When Nello Gioia opened the doors of Ristorante Bergamo in 1986, places to eat were scarce on Main Street. Now numbering among 120 restaurants in downtown Greenville, Bergamo has survived the test of time, winning a loyal base of regulars who keep coming back for Chef Nello’s traditional northern Italian fare.
Last year, however, Gioia decided to retire, and Chef Gian Pietro Ferro—who moved toNew York from Italy in 1987—has stepped up to the stoves to carry on Nello’s legacy. A mutual friend put the two chefs in touch by phone, knowing that they both hail from the area around Bergamo in northern Italy. But they never met until last year, when that same friend informed Gian Pietro that Nello was looking to sell his restaurant.
Ferro and his wife drove down to Greenville from their home in New Jersey last spring. As luck would have it, the day they met with Nello was the day before the national lockdown. So the couple went back north, where Ferro was working as a chef/consultant in New York, to wait out the pandemic. Ferro returned in early June, right after Bergamo reopened, and on October 1st, he purchased the restaurant.
Gian Pietro was 10 when he started to work in his uncle’s restaurant, and it wasn’t long before he fell in love with cooking. When discussing his culinary style, the chef makes the distinction between what he calls “American-Italian food” and “100 percent Italian,” the food he grew up eating. The former includes dishes like chicken parmesan and spaghetti and meatballs that many Americans mistakenly take for bona fide Italian fare, but which, Ferro points out, don’t exist in Italy.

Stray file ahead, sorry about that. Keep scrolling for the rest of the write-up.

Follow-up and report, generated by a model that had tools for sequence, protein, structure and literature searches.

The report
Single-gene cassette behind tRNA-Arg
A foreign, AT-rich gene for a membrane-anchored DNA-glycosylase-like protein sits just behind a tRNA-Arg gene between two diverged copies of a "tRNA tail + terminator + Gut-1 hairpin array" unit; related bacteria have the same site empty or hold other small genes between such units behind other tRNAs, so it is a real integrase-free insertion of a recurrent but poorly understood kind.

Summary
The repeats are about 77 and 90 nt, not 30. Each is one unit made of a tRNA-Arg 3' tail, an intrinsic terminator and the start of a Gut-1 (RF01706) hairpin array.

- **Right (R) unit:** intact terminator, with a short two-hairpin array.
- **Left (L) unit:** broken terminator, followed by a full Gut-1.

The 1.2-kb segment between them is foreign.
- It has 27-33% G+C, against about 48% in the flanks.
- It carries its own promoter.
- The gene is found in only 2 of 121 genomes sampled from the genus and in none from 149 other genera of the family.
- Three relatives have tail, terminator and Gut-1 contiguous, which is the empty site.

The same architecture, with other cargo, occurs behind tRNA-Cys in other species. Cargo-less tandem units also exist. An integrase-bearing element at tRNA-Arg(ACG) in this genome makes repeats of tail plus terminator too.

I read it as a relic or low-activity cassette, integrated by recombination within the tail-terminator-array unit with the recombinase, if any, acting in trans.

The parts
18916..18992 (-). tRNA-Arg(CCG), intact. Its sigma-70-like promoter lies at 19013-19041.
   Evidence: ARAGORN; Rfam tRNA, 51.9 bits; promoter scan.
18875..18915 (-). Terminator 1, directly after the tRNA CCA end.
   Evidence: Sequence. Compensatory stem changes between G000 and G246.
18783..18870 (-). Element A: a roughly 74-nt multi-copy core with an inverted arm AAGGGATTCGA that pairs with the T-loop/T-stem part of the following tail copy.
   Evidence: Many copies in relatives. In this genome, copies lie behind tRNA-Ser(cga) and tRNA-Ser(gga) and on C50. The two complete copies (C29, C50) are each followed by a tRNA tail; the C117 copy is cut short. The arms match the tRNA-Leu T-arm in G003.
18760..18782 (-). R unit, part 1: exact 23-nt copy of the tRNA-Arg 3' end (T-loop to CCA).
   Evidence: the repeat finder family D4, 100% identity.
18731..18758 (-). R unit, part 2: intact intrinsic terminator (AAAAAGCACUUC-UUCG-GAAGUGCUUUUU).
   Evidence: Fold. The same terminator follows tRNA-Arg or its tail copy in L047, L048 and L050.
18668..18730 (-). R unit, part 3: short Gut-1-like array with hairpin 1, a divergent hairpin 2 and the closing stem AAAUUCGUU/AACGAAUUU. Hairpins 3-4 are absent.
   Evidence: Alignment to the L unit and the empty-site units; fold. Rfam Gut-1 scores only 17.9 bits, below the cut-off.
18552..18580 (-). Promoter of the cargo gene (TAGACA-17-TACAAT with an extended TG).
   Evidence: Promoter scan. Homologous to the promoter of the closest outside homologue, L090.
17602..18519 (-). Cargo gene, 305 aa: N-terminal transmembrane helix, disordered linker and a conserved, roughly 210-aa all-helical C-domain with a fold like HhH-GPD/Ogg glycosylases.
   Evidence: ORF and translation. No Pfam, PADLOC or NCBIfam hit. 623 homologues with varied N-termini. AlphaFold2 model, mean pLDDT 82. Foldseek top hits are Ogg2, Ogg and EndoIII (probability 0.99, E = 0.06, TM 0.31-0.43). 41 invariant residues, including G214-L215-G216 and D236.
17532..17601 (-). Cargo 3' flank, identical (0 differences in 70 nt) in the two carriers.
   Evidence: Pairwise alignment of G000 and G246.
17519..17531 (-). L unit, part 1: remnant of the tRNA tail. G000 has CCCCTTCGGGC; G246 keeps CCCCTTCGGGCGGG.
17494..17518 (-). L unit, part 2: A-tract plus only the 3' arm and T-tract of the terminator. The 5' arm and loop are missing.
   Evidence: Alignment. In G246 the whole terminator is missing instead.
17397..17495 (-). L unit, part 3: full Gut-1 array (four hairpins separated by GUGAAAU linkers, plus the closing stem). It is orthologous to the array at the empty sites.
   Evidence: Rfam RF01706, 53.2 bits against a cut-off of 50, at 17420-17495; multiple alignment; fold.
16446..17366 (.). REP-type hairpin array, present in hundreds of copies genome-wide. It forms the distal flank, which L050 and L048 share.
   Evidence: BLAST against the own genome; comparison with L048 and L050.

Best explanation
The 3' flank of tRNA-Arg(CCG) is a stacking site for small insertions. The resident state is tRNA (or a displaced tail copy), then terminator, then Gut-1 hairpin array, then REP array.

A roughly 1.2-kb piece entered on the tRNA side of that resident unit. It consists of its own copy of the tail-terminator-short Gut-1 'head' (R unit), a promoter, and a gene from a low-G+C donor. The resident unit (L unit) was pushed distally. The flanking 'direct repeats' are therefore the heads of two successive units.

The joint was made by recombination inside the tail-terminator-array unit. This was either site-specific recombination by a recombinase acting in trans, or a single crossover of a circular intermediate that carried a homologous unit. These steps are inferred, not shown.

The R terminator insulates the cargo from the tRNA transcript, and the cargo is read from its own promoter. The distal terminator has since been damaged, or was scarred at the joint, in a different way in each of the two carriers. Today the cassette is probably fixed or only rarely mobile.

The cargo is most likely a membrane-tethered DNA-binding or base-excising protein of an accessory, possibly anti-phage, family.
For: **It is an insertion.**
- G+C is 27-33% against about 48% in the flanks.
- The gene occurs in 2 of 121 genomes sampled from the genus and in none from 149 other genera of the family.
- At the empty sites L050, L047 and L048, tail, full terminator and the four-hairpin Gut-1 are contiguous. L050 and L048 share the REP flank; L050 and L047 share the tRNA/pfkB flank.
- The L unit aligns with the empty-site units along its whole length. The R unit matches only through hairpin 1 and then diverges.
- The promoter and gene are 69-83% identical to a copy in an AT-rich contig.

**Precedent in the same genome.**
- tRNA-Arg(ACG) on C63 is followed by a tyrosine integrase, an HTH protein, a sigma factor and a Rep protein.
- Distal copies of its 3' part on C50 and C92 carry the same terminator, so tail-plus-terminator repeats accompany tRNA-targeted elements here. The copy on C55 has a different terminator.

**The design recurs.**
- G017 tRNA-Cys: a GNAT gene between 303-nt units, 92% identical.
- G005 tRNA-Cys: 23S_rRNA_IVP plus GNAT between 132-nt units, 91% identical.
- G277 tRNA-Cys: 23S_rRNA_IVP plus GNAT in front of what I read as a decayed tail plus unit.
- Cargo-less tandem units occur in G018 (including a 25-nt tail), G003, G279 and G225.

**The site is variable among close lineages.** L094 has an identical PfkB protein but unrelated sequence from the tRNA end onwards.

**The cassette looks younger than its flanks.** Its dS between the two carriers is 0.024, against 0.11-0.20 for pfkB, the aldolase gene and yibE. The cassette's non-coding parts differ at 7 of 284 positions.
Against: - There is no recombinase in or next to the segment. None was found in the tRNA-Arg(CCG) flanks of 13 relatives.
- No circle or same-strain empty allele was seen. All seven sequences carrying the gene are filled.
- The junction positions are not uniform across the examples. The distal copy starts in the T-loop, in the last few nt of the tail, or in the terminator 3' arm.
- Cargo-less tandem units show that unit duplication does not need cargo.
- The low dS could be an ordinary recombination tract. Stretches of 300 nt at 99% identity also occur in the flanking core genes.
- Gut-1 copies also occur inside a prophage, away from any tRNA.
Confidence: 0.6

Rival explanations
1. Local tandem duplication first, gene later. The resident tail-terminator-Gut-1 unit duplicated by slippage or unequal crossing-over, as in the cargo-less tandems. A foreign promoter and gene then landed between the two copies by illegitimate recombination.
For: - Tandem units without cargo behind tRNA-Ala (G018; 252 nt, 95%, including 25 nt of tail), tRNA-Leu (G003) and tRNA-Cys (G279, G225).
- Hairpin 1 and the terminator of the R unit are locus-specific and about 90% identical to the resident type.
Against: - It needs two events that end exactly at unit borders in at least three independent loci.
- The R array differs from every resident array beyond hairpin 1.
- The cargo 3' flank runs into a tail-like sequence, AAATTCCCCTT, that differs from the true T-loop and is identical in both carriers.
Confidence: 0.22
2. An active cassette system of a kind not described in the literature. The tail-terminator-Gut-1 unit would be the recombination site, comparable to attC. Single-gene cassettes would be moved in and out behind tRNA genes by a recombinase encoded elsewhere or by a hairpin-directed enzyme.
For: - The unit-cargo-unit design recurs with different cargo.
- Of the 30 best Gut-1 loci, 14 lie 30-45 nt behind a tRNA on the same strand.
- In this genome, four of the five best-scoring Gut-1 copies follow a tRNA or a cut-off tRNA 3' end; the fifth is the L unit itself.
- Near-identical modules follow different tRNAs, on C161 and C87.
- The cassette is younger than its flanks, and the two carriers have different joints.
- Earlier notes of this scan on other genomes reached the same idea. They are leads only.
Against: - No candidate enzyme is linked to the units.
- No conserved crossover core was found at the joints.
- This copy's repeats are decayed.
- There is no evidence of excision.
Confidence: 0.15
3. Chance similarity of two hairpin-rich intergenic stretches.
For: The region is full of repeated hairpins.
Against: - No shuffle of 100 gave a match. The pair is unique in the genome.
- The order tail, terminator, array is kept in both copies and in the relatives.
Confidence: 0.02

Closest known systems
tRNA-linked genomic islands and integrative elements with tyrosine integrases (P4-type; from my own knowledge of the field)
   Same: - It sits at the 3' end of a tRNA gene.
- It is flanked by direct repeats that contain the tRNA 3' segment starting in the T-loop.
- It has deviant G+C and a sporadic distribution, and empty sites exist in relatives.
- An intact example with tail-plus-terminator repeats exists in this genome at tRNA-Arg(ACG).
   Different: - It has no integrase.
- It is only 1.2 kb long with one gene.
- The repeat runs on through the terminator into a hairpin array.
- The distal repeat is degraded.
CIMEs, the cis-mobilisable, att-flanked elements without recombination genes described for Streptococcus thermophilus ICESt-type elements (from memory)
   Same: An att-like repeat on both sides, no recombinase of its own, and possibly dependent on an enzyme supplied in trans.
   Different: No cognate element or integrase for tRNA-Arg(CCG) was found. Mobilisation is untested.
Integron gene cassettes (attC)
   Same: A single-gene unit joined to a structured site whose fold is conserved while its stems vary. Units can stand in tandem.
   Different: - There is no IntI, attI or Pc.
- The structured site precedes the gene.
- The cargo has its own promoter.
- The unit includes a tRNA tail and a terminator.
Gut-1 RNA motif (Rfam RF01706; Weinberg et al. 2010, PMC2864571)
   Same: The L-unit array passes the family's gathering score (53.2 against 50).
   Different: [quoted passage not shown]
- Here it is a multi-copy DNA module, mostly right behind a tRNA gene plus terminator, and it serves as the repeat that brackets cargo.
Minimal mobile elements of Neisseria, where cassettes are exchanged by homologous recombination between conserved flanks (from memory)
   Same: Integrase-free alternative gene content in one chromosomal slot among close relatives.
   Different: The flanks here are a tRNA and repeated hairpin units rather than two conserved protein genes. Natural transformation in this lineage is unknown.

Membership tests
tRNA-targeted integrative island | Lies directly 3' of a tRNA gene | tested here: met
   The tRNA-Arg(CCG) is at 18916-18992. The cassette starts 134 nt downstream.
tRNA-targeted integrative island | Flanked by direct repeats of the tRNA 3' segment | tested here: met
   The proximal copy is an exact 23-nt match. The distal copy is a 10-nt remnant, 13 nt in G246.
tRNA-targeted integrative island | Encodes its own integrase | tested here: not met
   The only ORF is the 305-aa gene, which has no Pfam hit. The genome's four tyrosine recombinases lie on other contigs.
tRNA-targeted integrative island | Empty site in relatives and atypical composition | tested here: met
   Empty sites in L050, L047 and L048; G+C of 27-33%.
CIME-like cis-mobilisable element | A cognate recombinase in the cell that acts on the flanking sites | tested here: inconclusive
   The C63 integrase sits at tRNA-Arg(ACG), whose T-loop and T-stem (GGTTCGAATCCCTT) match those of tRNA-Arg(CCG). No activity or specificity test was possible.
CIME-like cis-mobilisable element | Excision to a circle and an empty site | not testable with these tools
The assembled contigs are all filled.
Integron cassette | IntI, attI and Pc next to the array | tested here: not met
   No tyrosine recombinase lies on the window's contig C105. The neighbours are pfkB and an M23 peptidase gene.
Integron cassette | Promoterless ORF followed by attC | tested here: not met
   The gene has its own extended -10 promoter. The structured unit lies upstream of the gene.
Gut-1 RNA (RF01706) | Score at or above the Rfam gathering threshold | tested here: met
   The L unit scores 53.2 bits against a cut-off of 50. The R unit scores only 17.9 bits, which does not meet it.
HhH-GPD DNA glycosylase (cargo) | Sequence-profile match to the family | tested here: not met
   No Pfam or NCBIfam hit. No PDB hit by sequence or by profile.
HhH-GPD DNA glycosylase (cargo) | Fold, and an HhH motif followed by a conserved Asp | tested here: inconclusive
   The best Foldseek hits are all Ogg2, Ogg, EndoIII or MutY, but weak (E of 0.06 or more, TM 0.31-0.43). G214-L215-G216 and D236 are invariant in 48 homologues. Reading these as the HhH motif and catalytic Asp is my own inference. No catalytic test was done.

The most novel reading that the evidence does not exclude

“When you go to [an Italian restaurant in] New Jersey, your meal comes with a side order of pasta. What is that?” Ferro’s query brings to mind The Big Night, a 1996 film about two brothers who move from Italy to open an authentic Italian restaurant in Baltimore down the street from an Italian-American eatery. One night, an American customer asks for a side of pasta with his risotto, and Chef Primo throws a fit in the kitchen. When I ask the chef if he’s ever seen the movie, his wife, Kathleen, bursts into laughter. “It’s our favorite! That’s him,” she declares, drawing a parallel between her husband and the film’s fictitious chef. Turns out Ferro actually consulted for the movie when he was working at Fiorello in New York City.
Like Chef Primo, Ferro remains true to his Italian roots. “Tomato sauce is for pasta,” he maintains. “Marinara is a pizza sauce. If you call spaghetti ‘marinara,’ it’s with seafood. In Italy, meatballs are served with polenta.”
For the moment, Ferro plans to keep the same menu at Bergamo with the addition of weekly specials. Eventually, he hopes to highlight dishes from different regions of Italy. “Maybe one week I dedicate to Florence; the next week I dedicate to Rome; another to Sicily,” Ferro muses.
On The Menu:
Monkfish osso buco Served bone-in like the traditional meat dish that inspired it, thick pieces of monkfish (what the chef calls “poor-man’s lobster”) are sautéed with white wine, tomatoes, and capers, and finished in the oven.
Pork tenderloin with apples and sage Sautéed in white wine with diced green apples, the pork takes on earthy accents from fresh sage.
Arugula salad with Bosc pears and gorgonzola This refreshing salad contrasts the peppery bite of arugula against sweet pears and pungent cheese
Currently, he’s tossing around ideas for osso buco, rabbit with polenta, and carbonara di mare, handmade fettuccine topped with sea urchin and a raw quail egg. And you won’t go wrong ordering any of his variations of risotto, which he considers to be one of his signature dishes. Just don’t ask for a side of pasta.
Photography by Paul Mehaffey. Ristorante Bergamo, 100 N Main St, Greenville. (864) 271-8667, ristorantebergamo.com